Politicians, bureaucrats and blowhards of the public prints — myself included — habitually throw around huge monetary figures as if they have first-hand experience with them.
I don’t know what $800 million looks like, or how bulky it would feel in my pocket. Anyone who hasn’t won a record-setting lottery can only imagine huge sums in an abstract sense.
It can help to visualize vast amounts in everyday terms.
For example, $800 million could pay the salaries of about 16,000 Newfoundlanders (and Labradorians) for one year.
Anyone with $800 million could buy 2,400 houses in St. John’s.
If you had $800 million, you could attend 25 million IceCaps games — or, if you took a friend, the two of you could see 12.5 million games. (Assuming ticket prices remained stable, an AHL franchise stayed in St. John’s and you were immortal.)
Hand your kid a cheque for $800 million, and he/she could pay his/her tuition at Memorial University for 313,725 years, or, if they preferred to attend Harvard and are smarter than you ever were, it would cover their tuition for 20,000 years.
If you were even richer than Danny Williams and went to your bank to withdraw $800 million in $100 bills, it would take the teller 23 days to count them out, working 24/7 with no lunch or coffee breaks.
No wonder it takes people of a certain mindset to be economists.
Even figures of far lesser amounts can be a challenge to comprehend.
Statistics Canada revealed this week that the minimum wage, calculated in real dollars adjusted for inflation, hasn’t gone up in almost 40 years.
The Canadian Press reported that, according to StatsCan, “the average minimum wage was $10.14 in 2013 and the 1975 wage, expressed in 2013 dollars, was $10.13.”
In 39 years, the minimum wage increased one cent.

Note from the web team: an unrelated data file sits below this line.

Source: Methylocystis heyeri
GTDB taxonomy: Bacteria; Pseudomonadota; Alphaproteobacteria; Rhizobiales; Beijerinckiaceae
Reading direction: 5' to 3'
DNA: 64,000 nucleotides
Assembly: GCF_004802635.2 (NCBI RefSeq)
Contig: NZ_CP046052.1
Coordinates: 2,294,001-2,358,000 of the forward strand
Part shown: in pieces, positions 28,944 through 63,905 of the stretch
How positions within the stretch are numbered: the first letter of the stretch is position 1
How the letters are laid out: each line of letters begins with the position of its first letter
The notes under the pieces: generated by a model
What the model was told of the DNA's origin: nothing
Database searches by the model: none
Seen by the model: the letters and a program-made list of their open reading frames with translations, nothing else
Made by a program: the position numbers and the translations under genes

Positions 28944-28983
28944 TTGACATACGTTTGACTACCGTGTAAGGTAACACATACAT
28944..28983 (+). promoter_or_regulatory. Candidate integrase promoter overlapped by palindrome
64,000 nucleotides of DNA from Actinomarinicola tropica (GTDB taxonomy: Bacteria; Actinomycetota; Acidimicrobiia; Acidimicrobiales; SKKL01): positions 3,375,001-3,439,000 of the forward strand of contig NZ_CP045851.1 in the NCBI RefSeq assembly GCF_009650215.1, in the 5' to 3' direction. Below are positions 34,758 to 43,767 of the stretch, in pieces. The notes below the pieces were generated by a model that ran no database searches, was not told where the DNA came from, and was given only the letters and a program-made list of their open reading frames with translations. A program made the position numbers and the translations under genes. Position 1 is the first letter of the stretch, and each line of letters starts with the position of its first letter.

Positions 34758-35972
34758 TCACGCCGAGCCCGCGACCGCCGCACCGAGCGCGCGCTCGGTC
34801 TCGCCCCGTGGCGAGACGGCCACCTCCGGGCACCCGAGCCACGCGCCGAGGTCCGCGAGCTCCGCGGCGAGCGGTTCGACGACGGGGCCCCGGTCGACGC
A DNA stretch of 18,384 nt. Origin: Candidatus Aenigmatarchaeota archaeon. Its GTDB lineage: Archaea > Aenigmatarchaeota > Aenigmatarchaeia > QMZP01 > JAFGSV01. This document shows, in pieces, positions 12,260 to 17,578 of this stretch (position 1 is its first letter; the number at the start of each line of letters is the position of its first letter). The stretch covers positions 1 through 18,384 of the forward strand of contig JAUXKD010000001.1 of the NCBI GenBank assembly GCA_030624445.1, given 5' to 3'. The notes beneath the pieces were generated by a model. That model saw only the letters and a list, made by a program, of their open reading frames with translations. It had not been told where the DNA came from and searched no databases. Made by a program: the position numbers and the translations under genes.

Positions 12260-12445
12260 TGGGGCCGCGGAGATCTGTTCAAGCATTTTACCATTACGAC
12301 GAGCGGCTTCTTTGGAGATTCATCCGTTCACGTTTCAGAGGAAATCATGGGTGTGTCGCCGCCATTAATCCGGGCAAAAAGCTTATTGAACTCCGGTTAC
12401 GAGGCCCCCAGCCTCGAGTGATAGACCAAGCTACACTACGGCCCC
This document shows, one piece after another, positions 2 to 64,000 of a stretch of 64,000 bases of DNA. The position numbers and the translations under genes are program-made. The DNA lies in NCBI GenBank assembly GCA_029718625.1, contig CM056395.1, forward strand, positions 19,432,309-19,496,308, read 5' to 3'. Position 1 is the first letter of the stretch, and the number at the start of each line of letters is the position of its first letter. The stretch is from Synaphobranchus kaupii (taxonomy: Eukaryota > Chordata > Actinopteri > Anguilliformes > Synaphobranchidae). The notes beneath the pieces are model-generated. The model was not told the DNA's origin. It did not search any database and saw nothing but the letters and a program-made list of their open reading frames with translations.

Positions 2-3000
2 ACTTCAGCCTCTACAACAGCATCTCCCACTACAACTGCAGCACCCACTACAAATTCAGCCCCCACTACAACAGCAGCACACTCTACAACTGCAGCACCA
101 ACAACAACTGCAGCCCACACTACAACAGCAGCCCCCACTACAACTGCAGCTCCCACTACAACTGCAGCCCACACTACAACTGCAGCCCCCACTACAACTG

Complicating the equation is the fact that the penny is no longer legal currency. Rounding off, 2013 is equal to 1975 are far as the minimum wage goes.
No raise in four decades. After the various chambers of commerce and boards of trade finish their standing ovation, they could perhaps send a representative to the podium to explain to everybody else why this is a good thing, beyond the selfish interests of their members.
The argument that a rising minimum wage kills jobs is deader than a doorknob at an employment centre.
The minimum wage hasn’t risen in more than a generation. Any jobs that have been killed apparently met their demise from another cause.
The mind reels. Teenagers getting their first job this summer will be paid the equivalent of what
their parents earned in 1975, if they were alive then and old enough to work.
On the plus side, youngsters won’t have to put up with lectures that begin with, “You think you have it bad. I remember my first job…”
It is amazing that so many people who run businesses don’t understand some basic laws of economics.
Sure, it’s better for Acme Ltd. if it can pay its employees a pittance. But if every company and business follows suit, consumers as a whole have less money with which to buy Acme’s products. In the long run, such a strategy is self-defeating. Union leaders have accurately dubbed this phenomenon “the race to the bottom.”
As is common with economics, the bad news is accompanied by worse news.
According to The Canadian Press, “The Statistics Canada report also found there is now a bigger portion of Canadians earning the minimum wage, with 6.7 per cent of all paid employees earning those wages in 2013, up from five per cent in 1997.”
Brian Jones is a desk editor at The Telegram. He can be reached at firstname.lastname@example.org and can be found on Facebook.